Supporting POP and IMAP Clients
Topic Last Modified: 2005-05-24
When you use a front-end server, the names of the servers that host the mailboxes are hidden from the users. Client computers connect to one host name shared by the front-end servers. As a result, moving users between servers is transparent to the users and requires no reconfiguration of client computers.
To log on, a POP or IMAP client sends the front-end server a logon request that contains the name of the mailbox to be accessed. The front-end server authenticates the user and uses Active Directory to determine which back-end server contains the user's mailbox. The front-end server then proxies the logon request to the appropriate back-end server. The back-end server then sends the results of the logon operation back to the front-end server, which returns the results of the operation back to the client. Subsequent POP or IMAP commands are similarly handled.
|SMTP must be available to allow POP and IMAP clients to submit e-mail. You can install SMTP on the front-end server or set up a separate SMTP server. E-mail submission through SMTP on the front-end server works the same as it does on any other server running Exchange. For more information about how to configure SMTP on a front-end server, see Configuring Exchange Front-End Servers.|
POP and IMAP e-mail clients send user and password information in clear text. If the front-end server is accessible from the Internet, you should configure SSL so that user authentication information and data is not passed over the Internet in clear text.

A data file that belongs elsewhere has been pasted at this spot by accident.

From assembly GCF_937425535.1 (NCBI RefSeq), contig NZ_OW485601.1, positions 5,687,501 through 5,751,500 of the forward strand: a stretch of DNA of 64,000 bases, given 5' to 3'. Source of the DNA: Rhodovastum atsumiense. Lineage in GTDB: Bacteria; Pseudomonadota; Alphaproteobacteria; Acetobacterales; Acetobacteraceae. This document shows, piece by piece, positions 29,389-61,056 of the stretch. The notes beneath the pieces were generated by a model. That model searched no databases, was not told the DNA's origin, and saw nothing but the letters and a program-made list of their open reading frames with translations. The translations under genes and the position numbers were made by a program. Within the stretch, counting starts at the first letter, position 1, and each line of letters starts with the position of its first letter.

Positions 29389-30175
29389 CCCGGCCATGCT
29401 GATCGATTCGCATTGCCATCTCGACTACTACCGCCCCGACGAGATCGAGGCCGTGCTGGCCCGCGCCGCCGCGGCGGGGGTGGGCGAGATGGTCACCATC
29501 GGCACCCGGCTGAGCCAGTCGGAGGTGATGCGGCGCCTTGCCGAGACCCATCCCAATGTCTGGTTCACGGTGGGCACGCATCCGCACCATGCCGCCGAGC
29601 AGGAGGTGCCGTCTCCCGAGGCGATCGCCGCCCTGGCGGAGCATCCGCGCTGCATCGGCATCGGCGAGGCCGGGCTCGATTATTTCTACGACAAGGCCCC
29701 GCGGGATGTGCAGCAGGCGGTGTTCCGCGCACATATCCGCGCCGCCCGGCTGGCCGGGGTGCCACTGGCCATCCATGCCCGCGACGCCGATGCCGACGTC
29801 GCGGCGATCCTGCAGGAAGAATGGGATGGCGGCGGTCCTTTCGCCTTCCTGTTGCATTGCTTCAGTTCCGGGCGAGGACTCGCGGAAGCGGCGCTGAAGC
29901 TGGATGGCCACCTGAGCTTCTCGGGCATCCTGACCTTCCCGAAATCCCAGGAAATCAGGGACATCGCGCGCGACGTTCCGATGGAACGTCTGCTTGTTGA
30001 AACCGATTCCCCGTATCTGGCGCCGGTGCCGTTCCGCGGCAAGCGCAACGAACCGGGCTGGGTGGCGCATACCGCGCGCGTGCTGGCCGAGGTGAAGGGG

When a non referral-enabled IMAP client connects to a back-end server, it can access only public folders that have a replica on the user's home server. To access public folders that have replicas on other servers, an IMAP client must be referral-enabled. A referral-enabled client issues special commands to an IMAP server to create a list of the public folders available to the client. When the client computer requests a public folder that does not have a local replica, the server responds to the client request with a referral URL that contains the name of the server that has the public folder. The referral-enabled IMAP client computer then creates a new connection to that server to retrieve the appropriate information.
In a front-end and back-end topology, however, the front-end server acts as a referral-enabled client, so IMAP clients connecting to the front-end server do not need to support referrals; the front-end server handles referrals for them. It transparently maps non referral-enabled client requests to their referral counterparts, making the entire list of public folders available to a non referral-enabled client. When the front-end server receives a referral response from the back-end server, it does not pass this response back to the client. Instead it follows the referral for the client and makes a connection to the appropriate back-end server that has the data. The back-end server then responds with the requested item, which the front-end server relays back to the client.